By Anna Louie Sussman
Eliza Griswold's "The Tenth Parallel" began as a probe of religious fundamentalism's link to violence. After traveling through Africa and Southeast Asia, she just wanted to tell the stories she found along the way.
Eliza Griswold's reporting has taken her through Afghanistan, Iraq and Somalia, through militarized societies where men wield guns, women are often encouraged to keep quiet in public and where being a female reporter might seem like a stark disadvantage.
But she doesn't see it that way.
"Sometimes I think it's safer to do this work as a woman," she said in a recent phone interview. "Because most violence against strangers is random and as a woman, you get a 15-second grace period. It's also much more difficult to kidnap a woman, especially if you're a religious person. You need a separate space to keep her, a woman to look after her and interact with her. There are a lot of logistics involved."
Griswold, 37, has spent the past seven years chronicling the lived experiences and consequences of religious faith along the 10th parallel, "a horizontal band that rings the Earth 700 miles north of the equator," she says. The effort has culminated in "The Tenth Parallel," which was published in August by Farrar, Straus and Giroux.
In the book--her second, following the 2007 release of the poetry collection "Wideawake Field"--she journeys across Africa and Southeast Asia, including stops in Nigeria, Sudan, Somalia, Indonesia, Malaysia and the Philippines.
She started out in search of answers to the question of whether religious fundamentalism in some of these populous Christian and Muslim communities necessarily leads to violence. But then she gave up, in the face of too many intangibles.
Letting Readers Draw Conclusions
"Every time I tried to assess someone's relationship with their religion, I realized very quickly that I'm on shaky ground," she said. "Trying to guess what's motivating them in each moment is dangerous supposition. I prefer to lay out the stories and leave the readers to draw their own conclusions."
In each country, she describes women interacting with the forces of fundamentalism in surprising ways.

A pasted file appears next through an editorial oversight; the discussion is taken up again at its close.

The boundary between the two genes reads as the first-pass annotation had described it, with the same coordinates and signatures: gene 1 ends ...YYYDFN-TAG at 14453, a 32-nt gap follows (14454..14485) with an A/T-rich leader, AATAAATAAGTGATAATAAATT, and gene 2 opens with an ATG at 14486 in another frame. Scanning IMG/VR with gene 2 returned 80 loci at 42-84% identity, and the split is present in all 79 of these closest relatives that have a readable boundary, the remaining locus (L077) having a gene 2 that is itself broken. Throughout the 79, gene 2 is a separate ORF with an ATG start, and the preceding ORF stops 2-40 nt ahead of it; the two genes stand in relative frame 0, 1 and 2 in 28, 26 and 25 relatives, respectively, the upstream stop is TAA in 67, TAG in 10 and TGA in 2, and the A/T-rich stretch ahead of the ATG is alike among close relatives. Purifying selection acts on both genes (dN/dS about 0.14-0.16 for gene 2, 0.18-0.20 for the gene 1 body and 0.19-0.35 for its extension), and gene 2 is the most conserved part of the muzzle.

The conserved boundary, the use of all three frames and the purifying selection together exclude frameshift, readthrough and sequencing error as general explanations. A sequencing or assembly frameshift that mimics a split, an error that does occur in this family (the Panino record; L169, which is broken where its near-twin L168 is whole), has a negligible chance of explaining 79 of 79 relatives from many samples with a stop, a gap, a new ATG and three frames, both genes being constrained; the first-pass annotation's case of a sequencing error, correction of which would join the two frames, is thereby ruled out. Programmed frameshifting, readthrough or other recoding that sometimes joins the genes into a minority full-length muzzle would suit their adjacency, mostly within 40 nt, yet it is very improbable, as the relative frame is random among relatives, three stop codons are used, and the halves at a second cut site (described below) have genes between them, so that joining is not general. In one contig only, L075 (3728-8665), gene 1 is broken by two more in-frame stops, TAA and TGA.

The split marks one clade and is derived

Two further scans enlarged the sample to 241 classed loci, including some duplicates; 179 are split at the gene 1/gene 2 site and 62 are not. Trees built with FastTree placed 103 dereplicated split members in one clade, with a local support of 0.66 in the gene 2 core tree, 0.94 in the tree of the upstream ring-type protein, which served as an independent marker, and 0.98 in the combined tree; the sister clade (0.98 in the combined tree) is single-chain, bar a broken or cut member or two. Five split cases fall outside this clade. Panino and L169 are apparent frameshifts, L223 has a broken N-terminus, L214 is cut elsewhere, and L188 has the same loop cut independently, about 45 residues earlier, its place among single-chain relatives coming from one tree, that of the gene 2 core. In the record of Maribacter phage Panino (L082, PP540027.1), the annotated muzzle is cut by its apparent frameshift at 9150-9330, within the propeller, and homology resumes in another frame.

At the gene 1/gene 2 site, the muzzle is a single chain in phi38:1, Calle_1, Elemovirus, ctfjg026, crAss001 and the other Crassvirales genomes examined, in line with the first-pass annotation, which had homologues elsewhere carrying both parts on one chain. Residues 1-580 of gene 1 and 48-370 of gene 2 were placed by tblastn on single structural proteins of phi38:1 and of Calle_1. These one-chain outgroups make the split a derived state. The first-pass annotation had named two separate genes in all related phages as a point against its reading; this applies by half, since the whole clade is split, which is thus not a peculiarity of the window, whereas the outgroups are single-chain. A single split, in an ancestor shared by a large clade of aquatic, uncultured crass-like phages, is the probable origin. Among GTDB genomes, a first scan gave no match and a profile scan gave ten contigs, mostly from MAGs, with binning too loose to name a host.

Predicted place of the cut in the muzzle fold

In Somalia, for instance, Griswold meets with a mother-daughter team of doctors--Dr. Hawa Abdi and Dr. Deqo Waqaf--who run an 80,000-person refugee camp on their family's farmland.
An ongoing civil war between the government and Islamists has widely curtailed Somali women's freedom of movement and expression, Griswold notes. Yet for her, these two women are "the strongest characters in the book." They plough on with little help from the international aid community, she says, attempting to do their work alongside Islamic charities whose doctors often won't reveal a patient's HIV status because of the stigma involved.
Another powerful female character in the book is Nur Amina, a petite Muslim Indonesian policewoman. She works as an enforcer of vice and virtue imposed by the Islamic revival that swept Aceh after the 2004 tsunami.
Nur Amina harangues unveiled housewives pumping water from an outdoor well and writes up young lovers for watching the sunset over the Indian Ocean.
"Do I see women using cultural constructs to beat on each other?" asks Griswold. "Absolutely. But is Nur Amina like that because she's 4 ½-feet tall? Or because she's one of those people who belongs to a massive reawakening movement, an Islamic revival? Or because she's having a bad day? There are too many factors going into what makes Nur Amina, Nur Amina."
No Stranger to Religion
Griswold, the daughter of Frank Griswold III, the Episcopal bishop of Chicago, is herself no stranger to the bonds of religion.
She grew up grappling with questions of faith, intellect and social justice, which she touches on briefly in the book.
She graduated with an English degree from Princeton in 1995 and wrote her creative thesis in poetry, an alternate form of expression that continues to inform and complement her journalistic work.
After working at The Paris Review and Vanity Fair, she landed her first major journalistic assignment in 2000, when she was inspired by a Human Rights Watch report to investigate "honor" killings, in which a woman is killed, usually by a male relative, to "cleanse" her family's honor following a perceived transgression.
The story found its home at The New Republic and took her to the West Bank and Jordan.
When she returned from the Middle East, she re-sold the story to the Sunday Times of London. Six months later, after the events of September 11, 2001, she called them again. Did they need a stringer? They did. She was off to Pakistan.